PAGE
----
Vitamin D in The Winter

What are the health benefits of vitamin D in winter? | 3 min read

Vitamin D is one of many vitamins your body needs to stay healthy. Consuming more Vitamin D during the winter makes gut microbes healthier; it also helps the body resist infection and inflammation year-round.

What is Vitamin D?

Vitamin D is a nutrient we eat and a hormone our bodies make. It is a fat-soluble vitamin that has long been known to help the body absorb and retain calcium and phosphorus; both are critical for building bone. Also, laboratory studies show that vitamin D can reduce cancer cell growth.

In addition to its primary benefits, vitamin D may also play a role in reducing the risk of contracting other diseases.

What diseases can Vitamin D fight?

  • Vitamin D reduces the risk of multiple sclerosis (MS). Low vitamin D levels are linked with an increased risk of multiple sclerosis.
  • It decreases the chance of heart disease. Low vitamin D levels have been linked to an increased risk of heart diseases such as hypertension, heart failure, and stroke.
  • It reduces the likelihood of severe illnesses. Vitamin D may make severe flu and COVID-19 infections less likely. Low vitamin D levels contribute to acute respiratory distress syndrome.
  • It supports immune health. People who do not have adequate vitamin D levels might be at increased risk of infections and autoimmune diseases, such as rheumatoid arthritis, type 1 diabetes, and inflammatory bowel disease.

Vitamin D is essential in winter; getting outdoors is the best way to increase vitamin D levels; however, there are other ways.

How to boost Vitamin D levels?

Taking a Vitamin D supplement can boost the levels; also, a few foods are naturally rich in vitamin D, such as:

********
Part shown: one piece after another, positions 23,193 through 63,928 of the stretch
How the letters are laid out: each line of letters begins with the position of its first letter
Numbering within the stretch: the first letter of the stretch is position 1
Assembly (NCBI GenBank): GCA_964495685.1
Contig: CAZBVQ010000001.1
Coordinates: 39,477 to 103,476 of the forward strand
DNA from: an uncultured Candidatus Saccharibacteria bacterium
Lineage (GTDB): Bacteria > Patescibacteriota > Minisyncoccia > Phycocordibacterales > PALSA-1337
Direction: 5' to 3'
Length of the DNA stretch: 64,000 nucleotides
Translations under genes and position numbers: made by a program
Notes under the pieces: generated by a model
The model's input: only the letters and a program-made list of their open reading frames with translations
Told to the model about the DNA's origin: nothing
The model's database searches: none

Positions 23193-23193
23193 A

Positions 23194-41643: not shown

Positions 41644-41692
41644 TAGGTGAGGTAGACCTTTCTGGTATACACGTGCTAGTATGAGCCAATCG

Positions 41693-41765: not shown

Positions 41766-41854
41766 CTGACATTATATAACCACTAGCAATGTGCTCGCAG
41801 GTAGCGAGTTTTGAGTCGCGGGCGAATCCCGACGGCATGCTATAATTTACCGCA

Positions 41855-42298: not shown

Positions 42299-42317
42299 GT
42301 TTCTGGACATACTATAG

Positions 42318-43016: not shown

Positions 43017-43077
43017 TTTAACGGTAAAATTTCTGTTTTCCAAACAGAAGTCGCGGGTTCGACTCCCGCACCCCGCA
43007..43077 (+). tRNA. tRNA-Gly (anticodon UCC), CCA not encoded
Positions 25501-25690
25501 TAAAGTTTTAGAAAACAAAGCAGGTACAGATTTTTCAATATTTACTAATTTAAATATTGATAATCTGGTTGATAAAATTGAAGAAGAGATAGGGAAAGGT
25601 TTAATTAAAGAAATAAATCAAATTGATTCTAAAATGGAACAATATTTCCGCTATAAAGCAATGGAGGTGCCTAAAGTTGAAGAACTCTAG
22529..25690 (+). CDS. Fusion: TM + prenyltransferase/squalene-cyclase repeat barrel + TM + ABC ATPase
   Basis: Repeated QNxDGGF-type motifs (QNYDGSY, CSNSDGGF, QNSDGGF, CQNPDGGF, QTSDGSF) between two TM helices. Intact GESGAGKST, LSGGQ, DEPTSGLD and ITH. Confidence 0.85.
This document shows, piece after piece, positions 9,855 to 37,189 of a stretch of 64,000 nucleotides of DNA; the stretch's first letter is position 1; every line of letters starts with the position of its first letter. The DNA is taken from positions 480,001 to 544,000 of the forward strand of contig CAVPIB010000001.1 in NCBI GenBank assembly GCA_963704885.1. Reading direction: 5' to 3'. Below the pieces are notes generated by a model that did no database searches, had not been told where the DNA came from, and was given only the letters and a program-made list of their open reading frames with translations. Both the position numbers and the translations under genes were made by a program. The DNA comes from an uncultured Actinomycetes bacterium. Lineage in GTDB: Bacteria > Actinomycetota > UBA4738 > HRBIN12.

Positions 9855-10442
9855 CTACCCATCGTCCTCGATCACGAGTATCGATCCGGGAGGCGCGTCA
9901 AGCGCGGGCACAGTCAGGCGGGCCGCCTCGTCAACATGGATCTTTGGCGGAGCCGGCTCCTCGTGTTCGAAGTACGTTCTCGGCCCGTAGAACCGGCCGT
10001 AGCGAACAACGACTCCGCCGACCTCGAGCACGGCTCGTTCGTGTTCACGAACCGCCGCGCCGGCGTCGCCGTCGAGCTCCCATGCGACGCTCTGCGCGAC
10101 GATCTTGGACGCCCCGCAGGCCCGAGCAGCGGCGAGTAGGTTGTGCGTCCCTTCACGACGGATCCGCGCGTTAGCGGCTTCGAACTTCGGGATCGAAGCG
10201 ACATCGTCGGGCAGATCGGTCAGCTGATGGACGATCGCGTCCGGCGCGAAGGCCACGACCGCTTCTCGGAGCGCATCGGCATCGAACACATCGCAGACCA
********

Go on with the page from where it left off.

• Mushrooms
  • The flesh of fatty fish and fish liver oils.
  • Egg yolk
  • Cod liver oil
  • Salmon
  • Swordfish
  • Tuna fish
  • Orange juice fortified with vitamin D.
  • Dairy and plant milk fortified with vitamin D.
  • Sardines
  • Beef liver
  • Fortified cereals

The lack of Vitamin D is called Vitamin D deficiency; it may occur from a shortage in the diet, poor absorption, or a metabolic need for higher amounts. A deficiency may arise if one is not eating enough vitamin D and does not receive enough ultraviolet sun exposure over an extended period. People with lactose intolerance or who follow a vegan diet are at higher risk for a deficiency.

Who is at high risk of vitamin D deficiency?

  • People with inflammatory bowel disease (ulcerative colitis, Crohn’s disease) or other conditions that disrupt the normal digestion of fat. Vitamin D is a fat-soluble vitamin that depends on the gut’s ability to absorb dietary fat.
  • People who are obese tend to have lower blood vitamin D levels. Vitamin D accumulates in excess fat tissues but is not readily available for use by the body when needed. Higher doses of vitamin D supplementation may be necessary to achieve a desirable blood level. Conversely, blood levels of vitamin D rise when obese people lose weight.
  • People who have undergone gastric bypass surgery typically remove the upper part of the small intestine, where vitamin D is absorbed.

What are the symptoms of Vitamin D deficiency?

  • Tiredness, aches, and pains
  • Severe bone or muscle pain or weakness
  • Stress fractures, especially in your legs, pelvis, and hips
When to consult a doctor?

Vitamin D is an essential vitamin your body needs to be healthy. If you have risk factors for developing vitamin D deficiency or are experiencing symptoms, consult an Intercare doctor to get a blood test to check your levels.


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